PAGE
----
.WAVs Hide Malware in Their Depths in Innovative Campaign
Security researchers with BlackBerry Cylance have spotted a new sophisticated campaign that spreads cryptojacking malware and a backdoor via .WAV audio files. The malware is embedded in the audio data and loaded when an infected file is played. Some of the malicious audio samples played music without glitches, while others played white noise. In either case users are unlikely to realize they are dealing with malware in disguise.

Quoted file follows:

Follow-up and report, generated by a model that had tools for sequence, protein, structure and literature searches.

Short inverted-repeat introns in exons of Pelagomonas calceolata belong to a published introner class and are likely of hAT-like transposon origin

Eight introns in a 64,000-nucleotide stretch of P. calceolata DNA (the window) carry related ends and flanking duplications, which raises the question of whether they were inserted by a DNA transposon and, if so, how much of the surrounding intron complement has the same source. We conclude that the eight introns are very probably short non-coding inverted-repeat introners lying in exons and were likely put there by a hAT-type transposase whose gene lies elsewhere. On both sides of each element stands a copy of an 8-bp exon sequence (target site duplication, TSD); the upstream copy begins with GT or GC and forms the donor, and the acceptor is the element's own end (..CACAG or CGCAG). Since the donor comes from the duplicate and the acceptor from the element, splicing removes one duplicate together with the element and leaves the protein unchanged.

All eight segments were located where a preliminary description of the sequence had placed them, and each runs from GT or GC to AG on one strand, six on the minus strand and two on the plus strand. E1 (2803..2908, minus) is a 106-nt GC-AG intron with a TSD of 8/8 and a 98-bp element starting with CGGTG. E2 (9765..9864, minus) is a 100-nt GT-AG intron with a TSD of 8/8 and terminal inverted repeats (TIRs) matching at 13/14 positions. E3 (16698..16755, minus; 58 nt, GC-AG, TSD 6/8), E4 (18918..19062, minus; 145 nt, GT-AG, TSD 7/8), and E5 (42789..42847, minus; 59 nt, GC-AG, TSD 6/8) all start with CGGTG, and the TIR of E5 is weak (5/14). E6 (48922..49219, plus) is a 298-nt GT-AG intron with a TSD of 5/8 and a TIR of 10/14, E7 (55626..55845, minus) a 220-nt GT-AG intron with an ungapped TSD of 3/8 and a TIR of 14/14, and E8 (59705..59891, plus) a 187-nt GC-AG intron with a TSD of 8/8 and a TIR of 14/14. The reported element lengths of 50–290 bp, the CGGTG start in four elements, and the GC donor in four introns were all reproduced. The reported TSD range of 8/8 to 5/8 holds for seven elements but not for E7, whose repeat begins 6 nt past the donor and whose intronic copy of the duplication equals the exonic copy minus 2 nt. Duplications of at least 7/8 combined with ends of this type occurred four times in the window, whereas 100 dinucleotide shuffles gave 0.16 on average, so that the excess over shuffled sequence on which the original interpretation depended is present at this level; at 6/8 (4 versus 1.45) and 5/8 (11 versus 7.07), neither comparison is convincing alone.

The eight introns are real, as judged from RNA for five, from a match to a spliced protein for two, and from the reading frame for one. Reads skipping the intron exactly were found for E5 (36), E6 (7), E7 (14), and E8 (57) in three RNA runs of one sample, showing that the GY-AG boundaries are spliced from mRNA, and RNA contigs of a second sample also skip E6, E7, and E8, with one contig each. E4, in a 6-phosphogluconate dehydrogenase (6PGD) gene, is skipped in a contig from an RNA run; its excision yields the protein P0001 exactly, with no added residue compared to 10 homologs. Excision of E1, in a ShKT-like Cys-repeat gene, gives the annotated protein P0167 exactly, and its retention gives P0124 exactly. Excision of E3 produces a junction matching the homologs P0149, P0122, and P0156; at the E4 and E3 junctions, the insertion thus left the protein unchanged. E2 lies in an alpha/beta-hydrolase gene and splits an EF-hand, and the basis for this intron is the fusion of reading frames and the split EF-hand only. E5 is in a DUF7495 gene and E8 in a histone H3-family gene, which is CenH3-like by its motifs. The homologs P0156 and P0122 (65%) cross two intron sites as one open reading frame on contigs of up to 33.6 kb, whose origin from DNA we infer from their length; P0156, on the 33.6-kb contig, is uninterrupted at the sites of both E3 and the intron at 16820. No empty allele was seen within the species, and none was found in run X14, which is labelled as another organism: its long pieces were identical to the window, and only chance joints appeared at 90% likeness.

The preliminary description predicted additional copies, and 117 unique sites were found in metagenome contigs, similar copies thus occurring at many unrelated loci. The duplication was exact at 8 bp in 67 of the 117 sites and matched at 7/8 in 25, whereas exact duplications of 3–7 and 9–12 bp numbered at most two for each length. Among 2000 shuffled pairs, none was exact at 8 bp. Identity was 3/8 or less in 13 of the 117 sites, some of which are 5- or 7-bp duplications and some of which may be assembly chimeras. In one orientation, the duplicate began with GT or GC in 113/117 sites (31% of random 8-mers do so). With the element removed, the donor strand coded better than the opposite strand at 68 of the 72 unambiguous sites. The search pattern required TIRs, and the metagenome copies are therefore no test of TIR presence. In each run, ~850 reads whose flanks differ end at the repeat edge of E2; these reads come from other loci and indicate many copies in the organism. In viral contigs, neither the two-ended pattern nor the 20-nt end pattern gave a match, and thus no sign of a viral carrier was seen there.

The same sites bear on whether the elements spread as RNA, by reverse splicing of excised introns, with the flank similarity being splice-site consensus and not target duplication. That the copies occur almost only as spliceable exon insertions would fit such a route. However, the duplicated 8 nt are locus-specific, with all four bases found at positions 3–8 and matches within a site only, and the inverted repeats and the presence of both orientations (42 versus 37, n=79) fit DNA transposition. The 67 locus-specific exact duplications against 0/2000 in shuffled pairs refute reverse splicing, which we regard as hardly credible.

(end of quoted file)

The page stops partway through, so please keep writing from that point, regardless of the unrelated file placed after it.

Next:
The cryptojacking malware will use CPU resources on the infected device to mine for Monero cryptocurrency, while the backdoor establishes a connection to the attacker’s computer. The researchers state that this suggests “a two-pronged campaign to deploy malware for financial gain and establish remote access within the victim network.” The malicious .WAV files can be distributed via email, web downloads, torrent sites and by various other methods. The researchers also warn that the techniques used to hide the malware “demonstrate that executable content could theoretically be hidden within any file type, provided the attacker does not corrupt the structure and processing of the container format.”